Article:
In the midst of intensive planning for arguably the most anticipated UTM Students’ Union event of the year—Orientation Week—the two key people in charge of the planning and execution of festivities resigned from their positions at the students’ union, three weeks prior to the start of Orientation.

This was Lara Stasiw and Neelam Din’s second resignation. Stasiw and Din allege that their first resignation, which was “not accepted”, came before they were yelled at and “demeaned” by UTMSU executives. Their second resignation followed an event in which the president of UTMSU, Raymond Noronha, claims Din “harassed and attacked in person and later via email” a frosh leader during the second frosh leader training. Din has disputed this claim.

Not for “personal reasons”

UTMSU’s executive director, Walied Khogali, wrote in an email on August 15 to the executives of UTMSU-funded clubs and societies that the resignations were due to “personal reasons”.

“I did not resign for personal reasons. I resigned because I no longer supported the environment that was being created by UTMSU. [It] was blatantly hostile,” said Stasiw in an interview. “We were yelled at numerous times in the [UTMSU] office. Both of us have cried numerous times. We have been demeaned by all except for Hassan [Havili, VP part-time affairs] and Grayce [Slobodian, VP campus life], [and] at some point, most blatantly by Raymond [Noronha, president] and Nausheen [VP internal and services].”
Neither Stasiw nor Din are strangers to Orientation Week, having both attended their own orientations as first-year students.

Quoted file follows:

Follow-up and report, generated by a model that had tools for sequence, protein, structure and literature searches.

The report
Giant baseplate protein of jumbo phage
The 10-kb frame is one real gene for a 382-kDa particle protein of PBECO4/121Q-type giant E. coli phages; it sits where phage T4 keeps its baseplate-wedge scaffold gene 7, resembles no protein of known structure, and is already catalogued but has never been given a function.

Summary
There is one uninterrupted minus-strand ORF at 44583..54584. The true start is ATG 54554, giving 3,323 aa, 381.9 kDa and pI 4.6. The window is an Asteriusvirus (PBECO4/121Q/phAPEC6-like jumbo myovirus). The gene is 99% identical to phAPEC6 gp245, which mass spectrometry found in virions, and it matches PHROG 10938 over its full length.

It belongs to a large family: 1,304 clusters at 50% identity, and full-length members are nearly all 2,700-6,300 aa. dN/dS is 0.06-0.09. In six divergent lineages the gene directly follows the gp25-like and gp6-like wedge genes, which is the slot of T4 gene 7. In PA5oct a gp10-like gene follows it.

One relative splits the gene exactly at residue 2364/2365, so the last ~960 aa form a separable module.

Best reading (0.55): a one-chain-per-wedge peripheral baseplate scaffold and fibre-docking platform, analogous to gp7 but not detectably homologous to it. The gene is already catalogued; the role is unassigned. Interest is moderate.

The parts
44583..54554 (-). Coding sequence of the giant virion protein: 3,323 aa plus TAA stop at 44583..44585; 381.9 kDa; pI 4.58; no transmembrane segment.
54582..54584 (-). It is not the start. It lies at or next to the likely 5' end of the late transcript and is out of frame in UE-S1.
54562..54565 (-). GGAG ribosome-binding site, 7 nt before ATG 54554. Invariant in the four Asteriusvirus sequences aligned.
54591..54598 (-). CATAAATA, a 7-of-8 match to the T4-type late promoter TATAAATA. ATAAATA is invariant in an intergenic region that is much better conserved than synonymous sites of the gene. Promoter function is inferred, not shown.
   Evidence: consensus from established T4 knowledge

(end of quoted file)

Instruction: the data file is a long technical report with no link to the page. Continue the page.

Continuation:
Stasiw went on to become a frosh leader. She was an orientation coordinator last year, while Din served as an Orientation Committee member.

Who disrespected whom?

Problems between the new OCs and the executives of UTMSU began before that, according to Stasiw. For one thing, she said, she had to ask for last year’s final numbers in the Orientation budget before being told she could not have a copy but could “briefly” look at it. On top of that, said Stasiw, her opinion was “not valued or respected”.

“All of our decisions for Orientation were overlooked and undermined,” she said. “It was very difficult not to stand up for what we truly believed was right. However, we were very quickly demeaned and told we were being disrespectful when we were merely calling attention to the inequities and injustices put forth by executive members,” said Stasiw.

Noronha said in an email to frosh leaders, “We have always treated the orientation coordinators with respect and expected nothing less in return. Unfortunately, respect for us was lacking and it was evident during the decision-making process.”
Stasiw acknowledged that she and Din did not always respect the decisions made by UTMSU executives, alleging that those decisions were not always in the best interest of students.

In one instance, the executives went in camera and voted no to an Argos game that the OCs wanted first-years to experience as part of Orientation. The executives did not provide reasons for their decision, said the OCs.

Din alleged that Noronha sat her down one day and told her, “Everything that has happened that has been bad thus far is your fault.”
“It was after their lack of transparency that we realized they were making decisions based on what they personally felt was best for them rather than what would be best for students,” said Din.

Stasiw said that one of her goals as OC this year was to bring new ideas to Orientation rather than continue with the same activities as past years.

“We felt going to an Argos game with the rest of U of T would have been the perfect opportunity, especially when it didn’t affect the budget or ticket prices. It was unfortunate to have the execs vote no and not be transparent about their reasoning,” said Stasiw. “Leaders should be embracing [this idea] rather than shying away from [it] merely because of the associated liability, which is no greater than any other frosh event.”